the [King] should be the head of Islam throughout the Federation".
However, Parliament did not act according
to Suffian's interpretation when it amended article 3 (3) on 27 August 1976, four
years after Suffian's book, to include Sabah and Sarawak, in addition to Penang and
Malacca, in states needing to amend their state constitutions to make the King the head of
Islam in that state.
Historically, the inclusion of Islam as the official religion of the Federation of Malaya
in the Constitution was as a bargaining chip to accommodate Chinese and Indians regarding
citizenship during independence. Prior to the entry of Sabah and Sarawak into Malaysia,
the majority non-Muslim population there rejected Islam as the religion of the Federation.
Divided, the Cobbold Commission decided
that it would deal with this hurdle by requiring that further discussions be had in an
Inter-Governmental Committee made up of representatives from Malaya and Borneo. At that
time that Committee gave explicit assurances that the secular nature of the Federation
would be maintained. In this connection, the Constitution does not authorise the King to
exercise any such religious authority as provided under article 3 (2) in Borneo.
However, when article 3 (3) was amended,
even Sabah and Sarawak were bound by article 3 (2). Article 3 (3) of the Constitution
which mandates the provision for the King to be head of Islam was only amended in 1976 
to include Sabah and Sarawak.
The revised article 3 (3) of the Federal
Constitution says: "The Constitution of the States of Malacca, Penang, Sabah and
Sarawak shall each make provision for conferring on the [King] the position of Head of the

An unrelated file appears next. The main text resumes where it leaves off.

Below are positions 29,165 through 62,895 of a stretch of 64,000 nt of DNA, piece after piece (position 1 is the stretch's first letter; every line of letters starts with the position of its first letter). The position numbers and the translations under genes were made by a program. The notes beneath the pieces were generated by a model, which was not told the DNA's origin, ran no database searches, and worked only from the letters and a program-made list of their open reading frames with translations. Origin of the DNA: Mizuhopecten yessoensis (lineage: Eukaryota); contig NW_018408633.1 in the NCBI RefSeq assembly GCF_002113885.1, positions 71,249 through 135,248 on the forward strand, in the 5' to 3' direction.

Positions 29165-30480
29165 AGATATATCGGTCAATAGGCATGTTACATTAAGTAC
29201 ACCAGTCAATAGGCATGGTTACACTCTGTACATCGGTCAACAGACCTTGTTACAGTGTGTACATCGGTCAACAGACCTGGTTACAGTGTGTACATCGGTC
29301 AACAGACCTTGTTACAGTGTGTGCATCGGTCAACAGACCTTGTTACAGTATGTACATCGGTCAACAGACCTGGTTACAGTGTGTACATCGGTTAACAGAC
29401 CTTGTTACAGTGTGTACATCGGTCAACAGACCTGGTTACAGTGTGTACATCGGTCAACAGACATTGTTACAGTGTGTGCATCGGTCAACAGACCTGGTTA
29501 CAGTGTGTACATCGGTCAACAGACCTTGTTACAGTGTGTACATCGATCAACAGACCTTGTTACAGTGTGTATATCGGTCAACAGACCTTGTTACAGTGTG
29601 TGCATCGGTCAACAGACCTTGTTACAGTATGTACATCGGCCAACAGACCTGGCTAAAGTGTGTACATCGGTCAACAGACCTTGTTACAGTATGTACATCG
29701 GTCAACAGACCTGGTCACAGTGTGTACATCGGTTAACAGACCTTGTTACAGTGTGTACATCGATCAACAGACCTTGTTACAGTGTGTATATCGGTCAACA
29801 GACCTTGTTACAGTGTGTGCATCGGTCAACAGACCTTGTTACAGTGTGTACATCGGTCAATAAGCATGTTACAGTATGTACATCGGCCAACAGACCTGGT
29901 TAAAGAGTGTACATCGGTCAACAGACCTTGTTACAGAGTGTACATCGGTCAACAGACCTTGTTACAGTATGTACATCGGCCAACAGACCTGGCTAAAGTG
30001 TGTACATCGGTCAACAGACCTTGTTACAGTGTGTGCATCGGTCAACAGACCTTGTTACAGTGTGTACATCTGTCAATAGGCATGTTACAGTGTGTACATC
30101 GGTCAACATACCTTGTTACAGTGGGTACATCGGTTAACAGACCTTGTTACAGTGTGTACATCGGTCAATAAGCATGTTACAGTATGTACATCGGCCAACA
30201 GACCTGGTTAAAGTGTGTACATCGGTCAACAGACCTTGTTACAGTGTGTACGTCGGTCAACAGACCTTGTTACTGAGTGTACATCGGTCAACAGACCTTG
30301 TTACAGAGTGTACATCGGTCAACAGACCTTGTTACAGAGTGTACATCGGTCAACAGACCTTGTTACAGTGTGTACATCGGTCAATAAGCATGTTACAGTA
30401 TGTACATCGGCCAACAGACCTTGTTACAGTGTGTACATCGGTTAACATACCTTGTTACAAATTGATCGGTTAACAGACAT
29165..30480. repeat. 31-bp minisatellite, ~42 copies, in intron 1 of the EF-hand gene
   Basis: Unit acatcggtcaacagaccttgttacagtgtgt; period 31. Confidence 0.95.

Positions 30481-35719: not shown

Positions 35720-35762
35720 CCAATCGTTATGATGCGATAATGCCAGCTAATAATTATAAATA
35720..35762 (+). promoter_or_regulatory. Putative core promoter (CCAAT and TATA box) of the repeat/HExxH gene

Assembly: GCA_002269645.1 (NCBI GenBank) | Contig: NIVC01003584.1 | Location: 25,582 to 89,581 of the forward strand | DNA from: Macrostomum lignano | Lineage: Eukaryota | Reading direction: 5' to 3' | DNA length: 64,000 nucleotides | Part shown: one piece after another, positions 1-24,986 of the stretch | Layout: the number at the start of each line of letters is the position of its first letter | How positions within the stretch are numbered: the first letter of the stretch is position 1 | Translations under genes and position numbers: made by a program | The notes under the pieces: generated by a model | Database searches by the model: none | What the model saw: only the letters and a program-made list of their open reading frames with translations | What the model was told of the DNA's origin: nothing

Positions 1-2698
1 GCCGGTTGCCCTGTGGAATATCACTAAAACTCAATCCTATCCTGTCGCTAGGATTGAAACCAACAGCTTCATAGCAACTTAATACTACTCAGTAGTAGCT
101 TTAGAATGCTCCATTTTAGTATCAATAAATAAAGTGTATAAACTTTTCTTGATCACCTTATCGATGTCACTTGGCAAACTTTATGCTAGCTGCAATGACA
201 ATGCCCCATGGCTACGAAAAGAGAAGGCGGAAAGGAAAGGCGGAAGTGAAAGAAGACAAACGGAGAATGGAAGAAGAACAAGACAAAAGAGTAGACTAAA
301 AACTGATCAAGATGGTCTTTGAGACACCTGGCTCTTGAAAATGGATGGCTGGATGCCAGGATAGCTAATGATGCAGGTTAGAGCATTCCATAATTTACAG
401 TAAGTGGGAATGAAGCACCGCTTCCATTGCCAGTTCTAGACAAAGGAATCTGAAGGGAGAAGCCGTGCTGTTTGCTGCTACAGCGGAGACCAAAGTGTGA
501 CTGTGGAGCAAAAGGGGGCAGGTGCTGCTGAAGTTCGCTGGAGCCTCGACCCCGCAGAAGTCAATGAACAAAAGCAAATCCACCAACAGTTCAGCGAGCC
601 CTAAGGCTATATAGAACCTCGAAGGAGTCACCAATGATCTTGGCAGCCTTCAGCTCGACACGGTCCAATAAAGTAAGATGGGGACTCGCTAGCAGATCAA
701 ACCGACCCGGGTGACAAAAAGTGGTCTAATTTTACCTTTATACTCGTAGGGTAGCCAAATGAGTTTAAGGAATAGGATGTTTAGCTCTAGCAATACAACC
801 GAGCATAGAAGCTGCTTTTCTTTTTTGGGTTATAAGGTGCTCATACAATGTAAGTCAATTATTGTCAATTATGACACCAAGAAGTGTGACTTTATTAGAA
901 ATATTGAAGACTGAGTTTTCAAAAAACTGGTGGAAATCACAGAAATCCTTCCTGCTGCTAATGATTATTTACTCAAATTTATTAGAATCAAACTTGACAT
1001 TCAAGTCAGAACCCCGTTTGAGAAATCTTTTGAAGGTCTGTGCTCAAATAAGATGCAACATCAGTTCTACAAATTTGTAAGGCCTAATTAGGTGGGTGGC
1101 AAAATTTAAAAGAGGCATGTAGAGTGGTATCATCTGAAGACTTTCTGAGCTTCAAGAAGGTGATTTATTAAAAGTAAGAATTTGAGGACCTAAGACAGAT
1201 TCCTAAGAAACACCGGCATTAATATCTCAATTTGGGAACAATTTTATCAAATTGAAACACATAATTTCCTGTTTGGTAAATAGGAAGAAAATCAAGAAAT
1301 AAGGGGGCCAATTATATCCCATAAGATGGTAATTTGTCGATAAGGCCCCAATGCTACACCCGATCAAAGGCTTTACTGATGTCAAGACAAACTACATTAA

religion of Islam in that State". The basis that qualifies Malaysia as an Islamic
state is article 3 (1) which states that Islam is the official religion of the Federation
but only in ritualistic and ceremonial roles while article 3 (2) merely qualifies the King
as the Pan-Malaysian head of Islam.
Article 3 (2) of the Constitution reads:
"...but in any acts, observences or ceremonies with respect to which the Conference
of Rulers has agreed that they should extend to the Federation as a whole each of the
other Rulers shall in his capacity as Head of the religion of Islam authorise the King to
To say Malaysia is a totally secular country is not entirely accurate because secularism
is the total separation of state and religion. For non-Muslims, this is so, but Muslims
still fall under some
For Muslims, enforcement of some Islamic
duties and penalties for sins under Islam is a matter of law. Some actions in their daily
lives are governed by Islamic laws, though not to the full extent of the complete set of
Islamic laws. Malaysia is a Muslim country by virtue of the majority of the population
embracing the Islamic faith. Malaysia is also a pseudo Islamic state by virtue of article
3 (1) which states that "Islam is the religion of the Federation..." but
practices secularism for non-Muslims.
I have already established the fact that presently Malaysia is a pseudo Islamic state by
virtue of the Constitution. However, are we satisfied with this status quo? The fact that
PAS is still fighting to impose Islamic law means that we are not. Therefore we must ask
ourselves whether the term "Islamic state" in the recent Terengganu PAS
manifesto or as implicit in the PAS constitution and through various PAS
is still relevant.
What PAS is really fighting for is to
enforce Islamic laws for all Muslims. Therefore, I suggest that the party avoid any
reference to an Islamic state in its manifesto,
s, etc, whether implicitly
or explicitly. The Islamic state issue is a major stumbling block for BA in securing the
votes of non-Muslims and was the main issue played up by BN to spook non-Muslims.
Once PAS makes it clear that an Islamic
state is only a man-made constitution and not necessary under Islamic law, and that the
imposition of Islamic law only applies to Muslims, BN would lose a major issue to play up
and the major stumbling block for non-Muslims voting PAS will be overcome. This will
certainly augur well for the next elections.